Collecting Policy

This is a codification of how I decide which images to add to my collection. This will be useful in the future as I can then more easily justify an inclusion (and just as importantly an exclusion).

But first, a short note on diversity and racial representation within my collection: You will notice there are few (if any) people of color or non-cacuasion ethnic groups in my collection. The reasons for this are probably historically complex, but for me the reasons are much simpler; my collection focuses primarily on the Midwest (which was not exactly known for being a hotbed of diversity in the late 1800’s), I seldom come across any cards where the subjects are not white, and lastly, when I do, these cards are generally cost prohibitive.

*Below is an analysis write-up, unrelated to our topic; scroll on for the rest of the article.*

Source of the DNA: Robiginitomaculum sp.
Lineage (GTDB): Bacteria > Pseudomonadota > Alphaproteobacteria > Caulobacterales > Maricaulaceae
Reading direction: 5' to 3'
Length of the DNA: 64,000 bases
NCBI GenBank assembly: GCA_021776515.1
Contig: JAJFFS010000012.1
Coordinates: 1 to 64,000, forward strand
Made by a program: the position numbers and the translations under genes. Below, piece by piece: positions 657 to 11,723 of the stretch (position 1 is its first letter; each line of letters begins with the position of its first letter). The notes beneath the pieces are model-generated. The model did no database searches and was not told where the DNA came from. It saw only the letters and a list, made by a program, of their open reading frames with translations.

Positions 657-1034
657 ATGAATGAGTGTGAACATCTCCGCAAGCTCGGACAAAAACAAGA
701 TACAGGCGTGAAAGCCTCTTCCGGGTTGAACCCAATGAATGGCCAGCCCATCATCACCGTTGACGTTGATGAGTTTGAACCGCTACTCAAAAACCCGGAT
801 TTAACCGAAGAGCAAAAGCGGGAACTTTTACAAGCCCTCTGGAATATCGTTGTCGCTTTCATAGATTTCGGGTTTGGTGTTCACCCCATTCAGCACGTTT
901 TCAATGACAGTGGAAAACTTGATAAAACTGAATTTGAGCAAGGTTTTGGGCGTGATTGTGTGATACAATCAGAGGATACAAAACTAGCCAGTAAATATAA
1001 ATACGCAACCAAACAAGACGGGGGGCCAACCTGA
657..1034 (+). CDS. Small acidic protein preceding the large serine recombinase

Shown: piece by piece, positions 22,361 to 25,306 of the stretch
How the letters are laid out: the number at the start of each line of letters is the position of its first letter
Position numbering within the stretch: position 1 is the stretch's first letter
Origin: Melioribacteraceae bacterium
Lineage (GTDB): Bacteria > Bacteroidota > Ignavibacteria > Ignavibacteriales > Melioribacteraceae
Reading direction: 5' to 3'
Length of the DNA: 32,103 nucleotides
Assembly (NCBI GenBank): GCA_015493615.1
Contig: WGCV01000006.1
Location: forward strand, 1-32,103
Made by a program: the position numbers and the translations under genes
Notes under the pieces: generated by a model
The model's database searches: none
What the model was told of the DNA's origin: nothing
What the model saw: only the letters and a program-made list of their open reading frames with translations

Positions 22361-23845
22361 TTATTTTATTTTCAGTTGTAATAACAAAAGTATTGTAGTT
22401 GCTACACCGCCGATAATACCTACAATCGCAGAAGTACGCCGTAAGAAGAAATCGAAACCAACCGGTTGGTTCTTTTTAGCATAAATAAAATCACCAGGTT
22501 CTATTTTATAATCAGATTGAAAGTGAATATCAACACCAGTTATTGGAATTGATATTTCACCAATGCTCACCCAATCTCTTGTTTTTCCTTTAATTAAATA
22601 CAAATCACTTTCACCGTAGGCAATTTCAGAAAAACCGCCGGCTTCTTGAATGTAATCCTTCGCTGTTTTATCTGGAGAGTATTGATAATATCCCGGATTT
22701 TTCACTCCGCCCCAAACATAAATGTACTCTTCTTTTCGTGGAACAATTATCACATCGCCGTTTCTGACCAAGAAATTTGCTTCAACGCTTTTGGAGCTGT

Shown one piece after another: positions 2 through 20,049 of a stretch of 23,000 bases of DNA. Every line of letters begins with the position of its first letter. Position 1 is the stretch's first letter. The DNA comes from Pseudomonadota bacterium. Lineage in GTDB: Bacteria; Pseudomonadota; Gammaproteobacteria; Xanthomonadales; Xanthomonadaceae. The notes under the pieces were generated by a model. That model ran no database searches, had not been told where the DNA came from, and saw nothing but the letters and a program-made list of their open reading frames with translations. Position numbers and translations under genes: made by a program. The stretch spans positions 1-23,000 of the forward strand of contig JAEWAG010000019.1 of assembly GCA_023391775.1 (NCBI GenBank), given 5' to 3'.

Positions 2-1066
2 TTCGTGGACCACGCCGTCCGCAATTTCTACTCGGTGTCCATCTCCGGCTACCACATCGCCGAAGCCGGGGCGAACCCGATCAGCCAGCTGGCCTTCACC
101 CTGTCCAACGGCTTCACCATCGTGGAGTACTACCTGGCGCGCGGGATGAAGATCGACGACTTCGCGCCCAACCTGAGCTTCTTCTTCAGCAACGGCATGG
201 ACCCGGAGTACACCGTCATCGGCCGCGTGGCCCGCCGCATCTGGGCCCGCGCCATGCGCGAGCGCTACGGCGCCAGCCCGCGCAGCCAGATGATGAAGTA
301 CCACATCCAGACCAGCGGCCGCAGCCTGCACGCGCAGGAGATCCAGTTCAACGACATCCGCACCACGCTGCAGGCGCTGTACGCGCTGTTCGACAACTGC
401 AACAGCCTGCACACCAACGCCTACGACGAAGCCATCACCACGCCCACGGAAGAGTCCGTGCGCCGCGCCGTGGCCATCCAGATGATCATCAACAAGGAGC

Current Collecting Policy

  1. Image must be compelling. There is little reason to collect imagery that is unmoving.
  2. Card must be untrimmed and in good shape.
  3. US-centric with a focus on the Midwest.
  4. Preference given to photos that are not obviously taken in a studio.
  5. No post mortem photos.
  6. Emphasis on interesting fashion, hair styles, or items of interest in the photo (toys, musical instruments, pets).
  7. Identified subjects are more desirable.

I primarily collect cards of attractive young women and girls, as well as handsome men, and men with interesting facial hair. I find babies to be boring.

In rare cases I am willing to violate my collecting policy depending on the card itself. I will take a damaged card if the imagery is particularly of interest. Sometimes a card just “speaks” to me and I can’t exactly explain why I want it. I may buy a card just because of a hat or because of the subject’s expression or because it was taken by a specific photographer. I make allowances for cards that come in a lot.

My cards are generally not for sale, but if you find you can’t live without a specific card, reach out and we might be able to come to an agreement. I am open to trades.

I may update these guidelines at any time.

Last updated 12/10/2018 by Christopher L. Jorgensen

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